Flu Outbreak May Begin Early

Health officials expect a virulent strain of flu will reach the continental United States from Alaskan cruise ships soon, threatening to start the flu season early. CBS News Correspondent Bobbi Harley reports.

Public health officials already are kicking off campaigns encouraging people to get shots to prevent the disease, the sixth-leading cause of death in the United States.

"Remember when you get your shots, just think to yourself afterwards, it's just one shot for man, one giant leap for public health," Massachusetts Public Health Commissioner Howard Koh said Monday.

Flu viruses follow well-worn paths, starting in Asia and heading east. Alaska is usually the first place in the United States to feel their effects, and the viruses then make their way to the western United States and eventually the East Coast, said Dr. Steven Mostow, associate dean of the University of Colorado Medical School and an influenza expert.

Dozens of flu cases were confirmed in Alaska over the summer, and Mostow believes the flu is showing up in the continental United States a month earlier than normal.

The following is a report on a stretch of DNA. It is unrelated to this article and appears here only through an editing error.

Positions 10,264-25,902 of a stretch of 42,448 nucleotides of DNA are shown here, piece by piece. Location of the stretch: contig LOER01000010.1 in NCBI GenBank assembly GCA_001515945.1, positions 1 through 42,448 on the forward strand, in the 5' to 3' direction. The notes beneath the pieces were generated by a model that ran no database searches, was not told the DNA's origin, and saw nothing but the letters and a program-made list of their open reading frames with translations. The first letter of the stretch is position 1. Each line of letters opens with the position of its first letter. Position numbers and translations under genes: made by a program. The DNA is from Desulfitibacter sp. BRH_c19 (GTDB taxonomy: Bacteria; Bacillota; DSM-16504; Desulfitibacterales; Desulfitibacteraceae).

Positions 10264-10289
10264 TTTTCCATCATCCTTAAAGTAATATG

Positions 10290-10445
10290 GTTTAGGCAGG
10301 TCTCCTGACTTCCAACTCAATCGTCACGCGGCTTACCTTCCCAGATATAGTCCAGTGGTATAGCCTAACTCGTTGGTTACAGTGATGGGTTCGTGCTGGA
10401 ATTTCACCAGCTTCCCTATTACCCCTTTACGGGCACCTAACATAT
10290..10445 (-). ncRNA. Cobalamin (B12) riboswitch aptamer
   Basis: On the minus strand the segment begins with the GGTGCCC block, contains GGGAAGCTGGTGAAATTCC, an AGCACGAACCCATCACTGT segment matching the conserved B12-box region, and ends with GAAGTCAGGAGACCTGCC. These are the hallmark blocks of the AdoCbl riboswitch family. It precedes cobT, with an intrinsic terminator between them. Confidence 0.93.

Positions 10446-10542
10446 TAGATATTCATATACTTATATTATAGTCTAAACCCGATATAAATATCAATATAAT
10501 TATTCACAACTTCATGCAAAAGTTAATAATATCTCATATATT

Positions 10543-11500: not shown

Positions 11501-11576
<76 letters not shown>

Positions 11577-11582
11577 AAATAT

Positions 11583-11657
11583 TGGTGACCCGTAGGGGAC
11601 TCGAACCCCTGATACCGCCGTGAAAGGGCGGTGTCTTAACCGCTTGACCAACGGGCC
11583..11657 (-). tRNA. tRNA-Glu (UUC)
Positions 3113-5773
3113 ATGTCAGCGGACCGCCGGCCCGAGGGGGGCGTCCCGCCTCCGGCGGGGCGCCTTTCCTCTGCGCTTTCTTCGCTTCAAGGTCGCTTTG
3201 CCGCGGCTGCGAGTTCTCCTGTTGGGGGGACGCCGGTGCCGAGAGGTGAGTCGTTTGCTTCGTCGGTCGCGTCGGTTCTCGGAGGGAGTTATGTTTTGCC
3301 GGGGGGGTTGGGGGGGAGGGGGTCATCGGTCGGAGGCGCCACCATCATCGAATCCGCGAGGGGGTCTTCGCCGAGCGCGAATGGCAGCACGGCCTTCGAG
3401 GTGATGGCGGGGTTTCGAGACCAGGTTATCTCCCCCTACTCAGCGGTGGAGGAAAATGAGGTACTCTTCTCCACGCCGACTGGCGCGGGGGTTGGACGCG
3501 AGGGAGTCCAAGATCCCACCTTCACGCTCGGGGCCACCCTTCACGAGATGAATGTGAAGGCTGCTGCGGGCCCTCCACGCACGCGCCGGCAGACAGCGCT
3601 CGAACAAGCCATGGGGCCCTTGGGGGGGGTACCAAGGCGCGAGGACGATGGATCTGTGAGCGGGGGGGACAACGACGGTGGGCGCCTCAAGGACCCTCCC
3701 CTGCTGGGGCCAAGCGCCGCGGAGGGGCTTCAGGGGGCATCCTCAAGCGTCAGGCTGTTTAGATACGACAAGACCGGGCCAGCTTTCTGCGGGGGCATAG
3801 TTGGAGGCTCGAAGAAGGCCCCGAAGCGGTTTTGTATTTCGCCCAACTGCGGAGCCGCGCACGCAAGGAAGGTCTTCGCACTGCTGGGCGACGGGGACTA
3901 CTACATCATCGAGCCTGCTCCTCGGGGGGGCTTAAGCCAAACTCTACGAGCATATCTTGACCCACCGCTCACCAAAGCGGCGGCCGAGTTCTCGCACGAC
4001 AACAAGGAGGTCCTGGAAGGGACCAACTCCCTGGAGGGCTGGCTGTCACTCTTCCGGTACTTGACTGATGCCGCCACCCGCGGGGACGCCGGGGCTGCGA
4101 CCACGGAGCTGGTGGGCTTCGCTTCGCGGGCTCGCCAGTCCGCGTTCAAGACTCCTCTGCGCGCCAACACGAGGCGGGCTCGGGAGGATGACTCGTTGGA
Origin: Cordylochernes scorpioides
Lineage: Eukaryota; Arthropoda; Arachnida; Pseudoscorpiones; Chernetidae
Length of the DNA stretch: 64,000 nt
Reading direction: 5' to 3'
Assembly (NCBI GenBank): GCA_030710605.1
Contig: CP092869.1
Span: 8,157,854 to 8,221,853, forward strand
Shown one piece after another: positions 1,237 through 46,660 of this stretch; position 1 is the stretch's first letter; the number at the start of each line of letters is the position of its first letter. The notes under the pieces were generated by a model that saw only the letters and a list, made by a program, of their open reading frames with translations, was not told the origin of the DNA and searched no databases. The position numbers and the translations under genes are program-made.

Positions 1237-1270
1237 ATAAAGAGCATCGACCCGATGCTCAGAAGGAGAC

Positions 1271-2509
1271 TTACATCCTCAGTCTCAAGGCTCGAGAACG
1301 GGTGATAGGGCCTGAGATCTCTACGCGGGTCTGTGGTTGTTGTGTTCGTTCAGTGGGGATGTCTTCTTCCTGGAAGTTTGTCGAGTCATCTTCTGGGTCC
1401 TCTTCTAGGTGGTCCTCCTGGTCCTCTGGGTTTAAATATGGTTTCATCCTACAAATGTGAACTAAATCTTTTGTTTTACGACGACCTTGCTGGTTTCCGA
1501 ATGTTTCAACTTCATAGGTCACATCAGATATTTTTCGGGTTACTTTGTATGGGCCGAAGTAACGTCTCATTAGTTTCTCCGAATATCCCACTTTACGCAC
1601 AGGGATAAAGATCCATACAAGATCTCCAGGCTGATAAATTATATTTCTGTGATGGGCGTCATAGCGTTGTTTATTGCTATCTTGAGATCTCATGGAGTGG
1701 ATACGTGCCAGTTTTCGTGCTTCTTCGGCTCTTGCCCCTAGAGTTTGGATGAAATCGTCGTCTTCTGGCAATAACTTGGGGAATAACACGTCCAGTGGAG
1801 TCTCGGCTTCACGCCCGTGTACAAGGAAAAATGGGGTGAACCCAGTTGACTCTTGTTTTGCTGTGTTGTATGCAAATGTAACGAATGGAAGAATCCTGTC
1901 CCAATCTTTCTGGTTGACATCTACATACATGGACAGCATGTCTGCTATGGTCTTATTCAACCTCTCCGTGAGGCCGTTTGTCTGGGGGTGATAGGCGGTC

Of the several cases reported in the Lower 48 states, four in Colorado have been linked to outbreaks on Alaskan cruise ships. "The way the boats are set up eating in large groups, touring in large groups facilitated the threat of the virus," Mostow said.

Mostow believes the virus will reach the East Coast soon by Thanksgiving in Massachusetts, for example.

The Centers for Disease Control estimates 10 to 20 percent of the population gets the flu every season, with about 20,000 Americans dying from its complications every year. The elderly, residents of nursing homes and people with chronic medical conditions are particularly at risk.

Although new drugs have been shown to be effective against the flu, health officials say the flu vaccination remains the best defense. The vaccine prepared for the 1999-2000 season protects against A-Beijing, A-Sydney and B-Yamanashi strains.

Those particularly at high risk for catching a severe case of the flu are mothers who are at least three months pregnant, anyone over age 65, and people with respiratory illnesses like asthma, or blood diseases like diabetes. However, people who are allergic to eggs and infants under six months old should not get the flu shot because of potentially adverse reactions, reports Correspondent Virginia Cha of CBS affiliate WBZ-TV in Boston.

And states are getting more creative in their outreach efforts.

Government officials had a kick off ceremony in Boston to make the public aware of an early flu threat.

Colorado gives flu shots in grocery stores and at football games. In Fort Edward, N.Y., motorists can get a flu shot at a drive-through clinic.

In Atlantic City, N.J., elderly gamblers got their flu shots Monday in the ballroom at Bally's Park Place while slot machines jangled in the next room.